Disc Spine Injury

To understand why disc injuries occur, you need to understand more about a spinal disc. Spinal discs are flat and round and attach above and below the vertebrae of the spine. Discs are designed to provide shock absorption for the spinal column. Because of the stresses in daily life and changes due to aging, discs tend to get injured after a time.

Causes of Disc Injuries or Degeneration

Disc injuries, in most cases, are brought on by the aging process. Therefore, any causes related to degenerative disc disease are associated with getting older. While this condition mainly concerns the disc, it also affects other areas of the spine. The causes for degeneration usually stem from the following:

1. Inflammation

Inflammatory proteins in the interior disc space may begin to leak as the disc degenerates. In turn the disc swells in the area around the spine. The inflammation can produce muscle spasms, muscle tension and tenderness in the neck or back. If a nerve root become inflamed, the patient may experience cervical radiculopathy, or pain and numbness between the shoulder and arm. Otherwise, pain may be felt in the hips or legs – a condition known as lumbar radiculopathy.

2. Abnormal Micro-motion Stability

When the cushioning of a disc declines, small and unnatural movements may occur between the vertebrae. These micro-motions may cause irritation or tension around the nerve roots, muscles, or joints. These movements cause a worsening of the tension as the spine becomes gradually more unstable. In turn, the patient feels intense pain.

What Occurs When a Disc Degenerates?

Two triggers cause a disc to degenerate. These triggers are described below:

  • Disc Space Collapse – As a disc degenerates, the space next to the disc collapses as well, all which places extra strain on the muscles that support the spine. The space is also shortened between the vertebrae, leading to problems with instability.
  • Cartilaginous Endplate Erosion – Each vertebral segment of the spine features a joint that is attached to a cartilage. Between each disc and vertebral body is a cartilage called an endplate. When the endplate erodes, nutritional absorption is compromised. In turn, disc degeneration speeds up, which leads to a disc collapse.

Causes of Herniated or Slipped Discs

Disc injuries are most often associated with a herniated or slipped disc. Also known as a ruptured disc, this problem is brought on by the following:

  • Aging (wear-and-tear).
  • Using the muscles of the back instead of the legs or thighs to lift heavy objects.
  • Twisting and turning can also lead to a problem while lifting.

Risk Factors

Your chance of getting a herniated disc increase if you are overweight, have a preposition to the condition because of genetics, or work in a job where pulling, pushing, and lifting are required.

Symptoms Related to Disc Injuries or Degeneration

A disc can slip or degenerate anywhere between the neck and lower back. However, the lower back often is the usual site for a slipped disc. Symptoms may include the following:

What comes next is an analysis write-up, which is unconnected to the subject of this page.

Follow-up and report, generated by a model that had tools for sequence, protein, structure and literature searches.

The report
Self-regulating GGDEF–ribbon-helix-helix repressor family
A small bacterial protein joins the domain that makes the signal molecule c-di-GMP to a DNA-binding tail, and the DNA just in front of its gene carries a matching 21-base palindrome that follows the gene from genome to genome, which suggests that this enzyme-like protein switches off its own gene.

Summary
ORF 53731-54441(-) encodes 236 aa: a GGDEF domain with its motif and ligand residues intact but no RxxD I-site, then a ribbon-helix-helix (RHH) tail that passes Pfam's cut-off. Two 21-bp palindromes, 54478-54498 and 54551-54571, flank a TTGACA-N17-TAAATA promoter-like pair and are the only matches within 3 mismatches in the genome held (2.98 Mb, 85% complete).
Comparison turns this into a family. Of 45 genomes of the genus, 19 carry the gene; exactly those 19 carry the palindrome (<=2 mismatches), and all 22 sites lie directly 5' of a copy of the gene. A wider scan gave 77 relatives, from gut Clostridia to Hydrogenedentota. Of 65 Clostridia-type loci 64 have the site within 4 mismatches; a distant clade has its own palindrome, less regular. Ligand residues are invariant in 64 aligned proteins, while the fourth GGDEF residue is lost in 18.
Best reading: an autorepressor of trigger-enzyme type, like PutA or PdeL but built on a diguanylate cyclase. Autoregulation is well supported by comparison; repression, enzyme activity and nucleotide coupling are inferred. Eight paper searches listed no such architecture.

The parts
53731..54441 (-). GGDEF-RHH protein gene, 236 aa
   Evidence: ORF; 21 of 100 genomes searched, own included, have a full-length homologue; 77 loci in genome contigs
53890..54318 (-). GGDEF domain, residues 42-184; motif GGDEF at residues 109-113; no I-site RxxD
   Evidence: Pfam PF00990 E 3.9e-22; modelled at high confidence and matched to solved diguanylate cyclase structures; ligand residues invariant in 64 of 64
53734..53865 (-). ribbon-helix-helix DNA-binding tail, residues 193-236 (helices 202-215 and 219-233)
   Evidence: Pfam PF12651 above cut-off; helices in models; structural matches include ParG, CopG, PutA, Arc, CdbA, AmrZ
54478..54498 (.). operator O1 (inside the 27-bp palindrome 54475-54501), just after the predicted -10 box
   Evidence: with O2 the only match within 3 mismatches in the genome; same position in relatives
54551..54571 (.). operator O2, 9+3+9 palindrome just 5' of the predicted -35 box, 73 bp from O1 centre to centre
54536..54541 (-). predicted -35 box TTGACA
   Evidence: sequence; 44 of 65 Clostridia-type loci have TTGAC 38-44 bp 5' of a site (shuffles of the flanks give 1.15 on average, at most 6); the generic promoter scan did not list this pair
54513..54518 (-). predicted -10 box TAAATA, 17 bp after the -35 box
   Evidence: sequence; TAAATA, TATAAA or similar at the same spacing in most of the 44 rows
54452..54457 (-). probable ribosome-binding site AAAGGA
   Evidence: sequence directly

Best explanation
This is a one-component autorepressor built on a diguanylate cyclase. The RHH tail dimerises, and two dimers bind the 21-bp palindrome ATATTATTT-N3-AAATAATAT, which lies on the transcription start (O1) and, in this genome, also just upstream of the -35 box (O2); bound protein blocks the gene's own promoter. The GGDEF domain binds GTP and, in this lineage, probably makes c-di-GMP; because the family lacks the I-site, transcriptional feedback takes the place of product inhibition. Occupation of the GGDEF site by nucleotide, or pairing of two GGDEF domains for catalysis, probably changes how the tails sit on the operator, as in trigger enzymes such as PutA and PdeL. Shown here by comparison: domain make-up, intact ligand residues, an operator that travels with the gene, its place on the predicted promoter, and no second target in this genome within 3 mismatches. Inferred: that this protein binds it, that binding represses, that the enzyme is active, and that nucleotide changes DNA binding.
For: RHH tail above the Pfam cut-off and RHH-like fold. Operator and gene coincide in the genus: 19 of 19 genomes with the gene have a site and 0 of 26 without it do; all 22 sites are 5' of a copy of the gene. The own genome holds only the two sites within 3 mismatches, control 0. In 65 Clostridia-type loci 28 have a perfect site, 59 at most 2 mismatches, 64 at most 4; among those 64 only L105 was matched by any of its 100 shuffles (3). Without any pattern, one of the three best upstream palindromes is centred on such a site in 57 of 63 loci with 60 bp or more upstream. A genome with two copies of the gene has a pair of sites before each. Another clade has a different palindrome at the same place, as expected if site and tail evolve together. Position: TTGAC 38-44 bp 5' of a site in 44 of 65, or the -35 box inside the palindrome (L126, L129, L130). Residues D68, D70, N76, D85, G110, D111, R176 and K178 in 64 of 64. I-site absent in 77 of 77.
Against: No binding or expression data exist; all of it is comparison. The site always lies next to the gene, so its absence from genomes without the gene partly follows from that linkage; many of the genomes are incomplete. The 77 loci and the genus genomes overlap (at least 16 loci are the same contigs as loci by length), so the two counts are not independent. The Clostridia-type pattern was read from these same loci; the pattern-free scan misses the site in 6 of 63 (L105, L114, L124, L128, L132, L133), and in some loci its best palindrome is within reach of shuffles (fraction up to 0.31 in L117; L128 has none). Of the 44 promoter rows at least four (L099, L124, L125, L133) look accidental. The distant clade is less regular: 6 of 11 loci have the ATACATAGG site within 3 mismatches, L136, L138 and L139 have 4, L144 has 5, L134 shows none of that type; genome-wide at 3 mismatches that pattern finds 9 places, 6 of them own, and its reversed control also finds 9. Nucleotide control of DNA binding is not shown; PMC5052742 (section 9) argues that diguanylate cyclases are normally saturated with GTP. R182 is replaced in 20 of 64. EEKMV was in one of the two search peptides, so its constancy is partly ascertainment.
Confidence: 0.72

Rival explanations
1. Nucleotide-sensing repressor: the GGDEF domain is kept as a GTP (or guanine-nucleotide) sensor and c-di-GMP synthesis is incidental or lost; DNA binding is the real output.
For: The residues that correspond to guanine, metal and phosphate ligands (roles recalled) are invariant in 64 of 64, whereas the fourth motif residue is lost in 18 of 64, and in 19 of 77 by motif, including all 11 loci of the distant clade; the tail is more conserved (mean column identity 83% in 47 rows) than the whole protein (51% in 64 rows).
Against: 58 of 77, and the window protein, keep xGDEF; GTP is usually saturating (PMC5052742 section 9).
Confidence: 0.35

• Pain or numbness on one side of the body
  • Pain that extends to the legs are arms
  • Pain that worsens with certain motions or at night
  • Pain that worsens after sitting or standing for a while
  • Pain that is experienced when walking a short distance
  • Muscle weakness
  • Aching, burning, or tingling sensations at the affected site

Treating Disc Injuries or Disc Degeneration

To alleviate the pain of a slipped disc or a disc that is affected by wear-and-tear, doctors often recommend the following:

  • Over-the-counter pain medications or prescription medicines.
  • Physical therapy – stretching and exercise help alleviate the pain.
  • Muscle relaxers to lessen muscle spasms.

Other treatments include the following:

1. Heat Treatments – Heat treatments are advised to warm the area and loosen the muscles so they can relax.
2. Regular Massage – Frequently, a worn or ruptured disc affects the surrounding muscles. Regular massage treatments support better health as they relax the muscles and aid in relieving stress and tension. Heat also calms muscle spasms and supports nerve health.
3. Exercises that Support Flexibility and Strength – Exercises can be coordinated with regular physical therapy treatments and chiropractic care. Many of the exercises involve stretching, which leads to better stability and increased strength.
4. Injections of Anti-inflammatory Steroids in the Disc – Injections sometimes offer short-term pain relief for ruptured discs.

When Surgery May Be Advised

If the pain of a slipped disc does not subside after six weeks or the herniation affects muscle function, the disc may be replaced. This type of procedure in known as a microdiskectomy. If the injury is severe, the doctor may remove the disc and fuse the vertebrae – a process known as spinal fusion. He may also elect to remove the disc and replace it with an artificial disc for added stability.

A Final Note

Most common disc conditions resolve themselves without resorting to surgery. Usually, exercise, physical therapy, and chiropractic care can take care of any complaints of this kind.